Pen Review: Monteverde One Touch Stylus

Ron at Pen Chalet asked me to review a pen, and I chose the Monteverde One Touch Stylus. I’m into ballpoint these days, I like click pens because they’re so easy to deploy. They also give me a good outlet for fidgeting by letting me click them repeatedly.

The pen arrived quickly in fine condition and upon opening the box I was greeted by a pen quite a bit fatter than I was expecting. This pen is pretty girthy compared to an Ecridor, Jotter or Fisher AG-7.

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The click mechanism is fairly smooth, reasonably quiet, and seems to be positive. The pen has a fair bit of reveal – about an inch – with the clicker having a shape that makes for very easy pen extraction from whatever pocket or sleeve you put it in. This is good especially because the pen is fat is likely to be a snug fit in sleeves.

The clip has a big ball on the end so it should be easy to get it over most pocket hems. The clip has enough clearance for a suit-coat pocket for sure, probaby enough for most winter coat pockets. It grabbed a shirt pocket hem just fine.

The Monteverde Soft Touch refill is black, and in extra broad. In actual practice it’s not that broad unless you press fairly firmly but it is a very smooth and easy rolling experience.

To replace the refill you have to unscrew the cone of the pen, and there you see an exposed spring. The spring is retained by a bit of friction and it didn’t fall out for me, but I get a bit worried about changing cartridges in places where it’s not easy to retrieve any pieces that go missing, like when sitting on an airplane in coach. The cone is also small and can’t be put down in a way where it doesn’t roll. These are pretty minor complaints.

I ordered the pen in carbon fiber finish, with a yellow accent on the clip. The yellow is more like gold – it’s just not bright enough in my opinion. The carbon fiber looks good, although I can’t be certain if it’s really carbon fiber or some kind of effect. There is a seam in the weave that runs the length of the pen that suggests it’s not a printed wrap but the real deal. It shimmers when the pen is rotated, something my CF Namiki Vanishing point does not do. The finish on the body is matte while the furniture is gloss. This is the right combination for a pen that should look manly without looking tactical.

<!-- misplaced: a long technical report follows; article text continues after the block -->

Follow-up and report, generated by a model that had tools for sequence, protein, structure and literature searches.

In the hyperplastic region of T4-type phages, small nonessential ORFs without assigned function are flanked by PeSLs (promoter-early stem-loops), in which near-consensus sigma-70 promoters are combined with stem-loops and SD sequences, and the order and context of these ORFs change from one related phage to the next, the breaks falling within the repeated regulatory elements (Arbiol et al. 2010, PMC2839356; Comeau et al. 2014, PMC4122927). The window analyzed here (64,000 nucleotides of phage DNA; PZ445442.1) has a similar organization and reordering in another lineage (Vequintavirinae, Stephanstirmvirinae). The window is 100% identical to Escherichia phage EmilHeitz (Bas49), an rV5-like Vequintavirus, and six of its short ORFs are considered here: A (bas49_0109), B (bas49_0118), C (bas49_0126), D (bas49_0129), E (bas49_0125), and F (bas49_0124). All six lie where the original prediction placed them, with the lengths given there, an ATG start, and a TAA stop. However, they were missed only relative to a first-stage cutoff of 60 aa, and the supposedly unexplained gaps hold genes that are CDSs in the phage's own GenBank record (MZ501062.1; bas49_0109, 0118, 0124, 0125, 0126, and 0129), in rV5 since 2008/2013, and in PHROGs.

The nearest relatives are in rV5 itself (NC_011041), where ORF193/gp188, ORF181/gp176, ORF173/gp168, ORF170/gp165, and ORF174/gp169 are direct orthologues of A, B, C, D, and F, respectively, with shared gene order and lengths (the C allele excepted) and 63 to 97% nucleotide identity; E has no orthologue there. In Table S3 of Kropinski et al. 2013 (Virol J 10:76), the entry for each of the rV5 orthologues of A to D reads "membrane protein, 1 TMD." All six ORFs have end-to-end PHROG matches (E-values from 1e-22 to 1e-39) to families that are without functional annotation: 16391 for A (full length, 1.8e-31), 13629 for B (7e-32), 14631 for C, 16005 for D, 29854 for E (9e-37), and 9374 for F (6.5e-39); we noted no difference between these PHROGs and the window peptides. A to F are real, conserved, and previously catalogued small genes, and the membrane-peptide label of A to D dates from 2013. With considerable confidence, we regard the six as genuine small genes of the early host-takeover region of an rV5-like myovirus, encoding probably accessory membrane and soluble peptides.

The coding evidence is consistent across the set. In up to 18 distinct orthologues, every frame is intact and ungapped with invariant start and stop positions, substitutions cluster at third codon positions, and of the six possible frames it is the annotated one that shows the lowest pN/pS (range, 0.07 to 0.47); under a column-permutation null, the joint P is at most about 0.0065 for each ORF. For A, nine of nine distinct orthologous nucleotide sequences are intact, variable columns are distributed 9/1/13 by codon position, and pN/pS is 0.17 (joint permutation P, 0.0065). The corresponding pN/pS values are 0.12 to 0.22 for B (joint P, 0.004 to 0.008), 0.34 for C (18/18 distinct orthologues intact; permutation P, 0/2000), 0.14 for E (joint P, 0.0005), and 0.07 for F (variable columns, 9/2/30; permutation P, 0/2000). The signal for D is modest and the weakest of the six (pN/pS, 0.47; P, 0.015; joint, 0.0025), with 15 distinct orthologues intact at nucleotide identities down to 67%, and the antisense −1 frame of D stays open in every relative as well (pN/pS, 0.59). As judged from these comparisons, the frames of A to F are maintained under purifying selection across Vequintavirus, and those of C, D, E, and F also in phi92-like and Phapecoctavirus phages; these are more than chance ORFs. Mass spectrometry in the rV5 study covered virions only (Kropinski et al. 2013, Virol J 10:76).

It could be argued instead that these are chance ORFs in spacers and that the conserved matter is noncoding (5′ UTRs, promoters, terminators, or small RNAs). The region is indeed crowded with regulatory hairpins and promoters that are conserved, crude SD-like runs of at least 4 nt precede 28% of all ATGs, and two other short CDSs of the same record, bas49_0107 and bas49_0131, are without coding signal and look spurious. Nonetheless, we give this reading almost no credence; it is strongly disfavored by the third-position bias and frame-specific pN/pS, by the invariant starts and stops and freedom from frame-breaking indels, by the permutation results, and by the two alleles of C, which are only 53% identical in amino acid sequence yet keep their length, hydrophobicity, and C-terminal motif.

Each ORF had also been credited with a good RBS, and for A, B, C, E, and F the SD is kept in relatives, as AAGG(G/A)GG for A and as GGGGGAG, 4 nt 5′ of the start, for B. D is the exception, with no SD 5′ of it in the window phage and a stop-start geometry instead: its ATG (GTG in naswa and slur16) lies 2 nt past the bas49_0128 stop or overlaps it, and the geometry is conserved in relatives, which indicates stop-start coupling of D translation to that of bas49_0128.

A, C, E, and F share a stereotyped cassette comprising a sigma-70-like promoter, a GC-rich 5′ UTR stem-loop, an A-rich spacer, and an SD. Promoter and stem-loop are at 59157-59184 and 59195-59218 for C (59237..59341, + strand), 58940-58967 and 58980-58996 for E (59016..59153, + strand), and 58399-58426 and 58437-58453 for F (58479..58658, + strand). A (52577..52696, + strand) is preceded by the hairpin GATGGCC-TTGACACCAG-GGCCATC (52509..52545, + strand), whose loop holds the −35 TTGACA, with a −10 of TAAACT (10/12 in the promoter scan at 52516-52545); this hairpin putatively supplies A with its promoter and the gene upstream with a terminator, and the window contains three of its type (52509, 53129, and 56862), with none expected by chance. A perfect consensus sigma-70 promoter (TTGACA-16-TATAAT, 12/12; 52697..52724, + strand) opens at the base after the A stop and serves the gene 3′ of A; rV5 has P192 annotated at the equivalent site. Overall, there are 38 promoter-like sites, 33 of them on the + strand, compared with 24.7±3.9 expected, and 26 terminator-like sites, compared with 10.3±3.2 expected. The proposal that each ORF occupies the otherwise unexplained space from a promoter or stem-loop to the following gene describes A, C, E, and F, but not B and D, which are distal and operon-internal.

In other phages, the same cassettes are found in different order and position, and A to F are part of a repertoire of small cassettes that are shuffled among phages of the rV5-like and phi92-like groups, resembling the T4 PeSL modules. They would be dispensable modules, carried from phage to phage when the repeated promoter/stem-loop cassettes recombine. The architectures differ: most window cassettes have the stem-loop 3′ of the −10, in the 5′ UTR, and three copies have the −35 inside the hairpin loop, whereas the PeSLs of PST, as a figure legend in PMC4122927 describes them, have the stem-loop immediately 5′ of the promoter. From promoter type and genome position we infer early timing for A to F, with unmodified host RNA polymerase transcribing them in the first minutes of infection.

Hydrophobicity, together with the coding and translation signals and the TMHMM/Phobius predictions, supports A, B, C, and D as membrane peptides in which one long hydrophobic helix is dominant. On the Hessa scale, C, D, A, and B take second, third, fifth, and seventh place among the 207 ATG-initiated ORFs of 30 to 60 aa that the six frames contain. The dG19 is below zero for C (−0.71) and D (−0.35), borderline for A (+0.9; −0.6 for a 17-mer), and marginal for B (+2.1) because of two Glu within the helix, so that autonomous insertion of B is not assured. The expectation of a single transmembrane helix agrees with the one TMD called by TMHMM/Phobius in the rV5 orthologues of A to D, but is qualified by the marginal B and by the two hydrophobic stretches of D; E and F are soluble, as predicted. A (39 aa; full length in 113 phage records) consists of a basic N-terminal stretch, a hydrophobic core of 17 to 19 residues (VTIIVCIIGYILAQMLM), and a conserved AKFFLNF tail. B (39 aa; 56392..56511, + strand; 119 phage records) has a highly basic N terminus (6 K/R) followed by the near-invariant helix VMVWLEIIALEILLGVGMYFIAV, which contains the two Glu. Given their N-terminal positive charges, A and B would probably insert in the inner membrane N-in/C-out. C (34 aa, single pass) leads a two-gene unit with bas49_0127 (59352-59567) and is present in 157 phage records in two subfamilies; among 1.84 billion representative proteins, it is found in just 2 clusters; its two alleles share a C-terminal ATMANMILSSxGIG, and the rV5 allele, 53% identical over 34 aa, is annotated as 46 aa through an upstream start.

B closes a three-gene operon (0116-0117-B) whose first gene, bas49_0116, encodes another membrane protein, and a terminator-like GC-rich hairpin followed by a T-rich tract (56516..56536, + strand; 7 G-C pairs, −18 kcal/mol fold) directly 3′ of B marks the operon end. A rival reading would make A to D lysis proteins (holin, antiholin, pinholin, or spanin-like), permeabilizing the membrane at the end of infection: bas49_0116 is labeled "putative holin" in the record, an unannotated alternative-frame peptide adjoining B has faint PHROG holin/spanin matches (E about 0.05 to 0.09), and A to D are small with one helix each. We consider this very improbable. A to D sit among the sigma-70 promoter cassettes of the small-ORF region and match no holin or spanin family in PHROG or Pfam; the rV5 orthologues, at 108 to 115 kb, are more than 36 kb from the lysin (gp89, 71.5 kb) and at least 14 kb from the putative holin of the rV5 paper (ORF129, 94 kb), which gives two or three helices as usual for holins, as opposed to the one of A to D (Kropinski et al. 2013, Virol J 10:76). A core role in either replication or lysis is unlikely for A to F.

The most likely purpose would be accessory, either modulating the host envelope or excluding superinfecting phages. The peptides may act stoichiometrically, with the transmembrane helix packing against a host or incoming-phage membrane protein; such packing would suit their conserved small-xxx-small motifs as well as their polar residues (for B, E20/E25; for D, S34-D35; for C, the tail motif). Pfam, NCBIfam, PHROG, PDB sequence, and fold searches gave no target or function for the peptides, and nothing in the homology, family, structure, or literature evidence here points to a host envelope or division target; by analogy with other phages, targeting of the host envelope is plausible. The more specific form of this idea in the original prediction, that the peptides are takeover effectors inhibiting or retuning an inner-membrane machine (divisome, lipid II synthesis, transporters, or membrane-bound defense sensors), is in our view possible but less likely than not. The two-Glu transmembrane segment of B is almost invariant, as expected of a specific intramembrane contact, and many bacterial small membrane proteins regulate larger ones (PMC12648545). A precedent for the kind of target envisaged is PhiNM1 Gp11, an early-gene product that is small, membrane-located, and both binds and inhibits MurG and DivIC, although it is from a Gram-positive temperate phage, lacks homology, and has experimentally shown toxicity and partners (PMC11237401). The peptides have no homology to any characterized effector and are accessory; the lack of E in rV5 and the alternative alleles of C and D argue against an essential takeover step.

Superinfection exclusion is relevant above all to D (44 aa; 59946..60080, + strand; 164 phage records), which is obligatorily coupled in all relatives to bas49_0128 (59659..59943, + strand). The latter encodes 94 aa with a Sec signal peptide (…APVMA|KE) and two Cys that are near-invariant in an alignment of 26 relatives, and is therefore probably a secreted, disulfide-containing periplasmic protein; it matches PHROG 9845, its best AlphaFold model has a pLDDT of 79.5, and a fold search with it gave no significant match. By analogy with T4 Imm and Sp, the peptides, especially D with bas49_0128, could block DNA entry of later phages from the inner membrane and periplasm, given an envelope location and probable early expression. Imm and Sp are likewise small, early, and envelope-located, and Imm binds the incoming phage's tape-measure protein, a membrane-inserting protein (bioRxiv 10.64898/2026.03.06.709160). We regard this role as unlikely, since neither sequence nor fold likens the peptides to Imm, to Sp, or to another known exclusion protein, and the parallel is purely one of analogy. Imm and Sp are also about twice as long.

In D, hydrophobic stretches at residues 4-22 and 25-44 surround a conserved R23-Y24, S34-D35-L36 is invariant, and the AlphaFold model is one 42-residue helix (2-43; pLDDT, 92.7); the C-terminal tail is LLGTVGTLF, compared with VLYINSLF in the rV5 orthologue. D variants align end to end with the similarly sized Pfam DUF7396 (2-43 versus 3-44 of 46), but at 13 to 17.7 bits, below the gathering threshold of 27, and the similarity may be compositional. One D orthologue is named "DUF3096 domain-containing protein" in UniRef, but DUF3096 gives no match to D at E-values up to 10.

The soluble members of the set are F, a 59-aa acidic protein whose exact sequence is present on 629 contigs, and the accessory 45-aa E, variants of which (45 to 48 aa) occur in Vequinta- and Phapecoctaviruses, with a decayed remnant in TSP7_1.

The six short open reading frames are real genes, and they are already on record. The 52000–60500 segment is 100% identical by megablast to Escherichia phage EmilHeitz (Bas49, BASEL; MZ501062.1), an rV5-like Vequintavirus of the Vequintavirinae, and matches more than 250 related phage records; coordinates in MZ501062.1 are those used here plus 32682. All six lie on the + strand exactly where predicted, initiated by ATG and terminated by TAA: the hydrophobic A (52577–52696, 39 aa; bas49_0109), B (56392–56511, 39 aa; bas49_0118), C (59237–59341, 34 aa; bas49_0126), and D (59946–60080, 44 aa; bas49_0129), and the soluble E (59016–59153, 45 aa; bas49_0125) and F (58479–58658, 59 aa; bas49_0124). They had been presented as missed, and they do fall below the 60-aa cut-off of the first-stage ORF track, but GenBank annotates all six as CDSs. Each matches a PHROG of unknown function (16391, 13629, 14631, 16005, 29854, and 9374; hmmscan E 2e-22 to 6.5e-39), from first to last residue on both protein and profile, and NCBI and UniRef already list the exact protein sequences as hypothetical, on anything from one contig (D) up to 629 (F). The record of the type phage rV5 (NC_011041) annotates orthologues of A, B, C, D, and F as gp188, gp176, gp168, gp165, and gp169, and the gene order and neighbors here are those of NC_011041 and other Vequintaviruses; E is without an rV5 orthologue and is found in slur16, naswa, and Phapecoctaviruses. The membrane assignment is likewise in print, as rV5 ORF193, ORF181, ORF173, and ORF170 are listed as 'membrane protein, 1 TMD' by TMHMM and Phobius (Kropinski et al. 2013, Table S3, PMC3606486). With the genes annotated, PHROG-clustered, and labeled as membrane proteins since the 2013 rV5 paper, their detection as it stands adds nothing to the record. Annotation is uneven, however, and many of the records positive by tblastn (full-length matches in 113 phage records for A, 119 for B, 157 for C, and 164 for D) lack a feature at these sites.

Last but not least is the stylus. On the clicker is a small rubber hemisphere that can be used on touch screens. It worked fine on my iOS devices, and it was part of the reason I chose this pen. I do a lot of writing on my iPad these days, and some of the controls in Ulysses are small. I’d also like to keep the screen cleaner. Time will tell if this a feature I use or not.

Overall I like the pen. It’s more than fancy enough for the office, takes parker-style refills, and feels good in the hand. I don’t think I’ll have any trouble taking it with me since it’s about the same price as an AG-7 and the shape makes it easier to grab out of the pen sleeves in most of my bags.

Monteverde One Touch Stylus at Pen Chalet.

Disclosure: The pen was provided at no cost to me. The words and opinions are my own.

Pen Review: The Parker Jotter

I’ve written about this pen in the past I think, but not an actual review. It deserves one. It’s not flashy, not new, not born of a kickstarter project and it’s name has zero European cache.

Sure, some disposable ballpoints will write as well, perhaps a smidge better than a cartridge pen, depending on your tastes. But a pen is also a bit a of a talisman. It’s hard to build a long-lasting relationship with a disposable pen. The Jotter occupies the slot right above disposable, but I suspect one could outlive its owner very easily.

IMG_2239It’s the quintessential pushbutton ballpoint pen. Nearly indestructible. simple, foolproof. Made since the 50’s. The Parker cartridges are pretty good, but there’s probably no other cartridge format that is made by as many companies, in as many varieties as the Parker format. My experience is that freshness, even for the Fisher refills, makes a huge difference in writing quality, and Parker-style refills are likely to be the freshest in the store. Not to mention what’s available on the Monteverde site. And Easyflow. And Schmidt. And Schneider. And the Fisher refills, of course. Ballpoint and Gel are available, with the Easyflow 9000 being sort of in between.

The pen is slender and the barrel is smooth. The clip is strong and stiff, optimized for grabbing a shirt pocket, rather than a jacket pocket. Almost no reveal. Getting one of these out of a pen sleeve might just take a pair of pliers. The satin stainless finish is easy to hold, grips fairly easily. The refill will sometimes fit loose enough to click when writing, but that’s not unusual outside of Cross pens.

The clicky mechanism isn’t as precise and smooth as the Fisher AG7, but that’s ok. For you compulsive clickers, like me, it’s got a steam-punky satisfying click-clack. Your coworkers may not be as pleased.

A worthy companion in the ballpoint world. The eminently loanable pen – no chance of someone breaking it – if it wasn’t likely to be kept.

Sometimes I just want something I know will write, and usually that means the Fisher AG7, but the Jotter is lighter. A lot lighter. It’s also a smaller investment – $12 on Amazon (affiliate link) – and you can buy one almost anywhere.

When I think of a pen to leave in the car, or in a little-used portfolio, I think of the Jotter. When I think of a pen I need to rely on, and I’m not quite comfortable taking the $45 AG7 along, it’s the Jotter.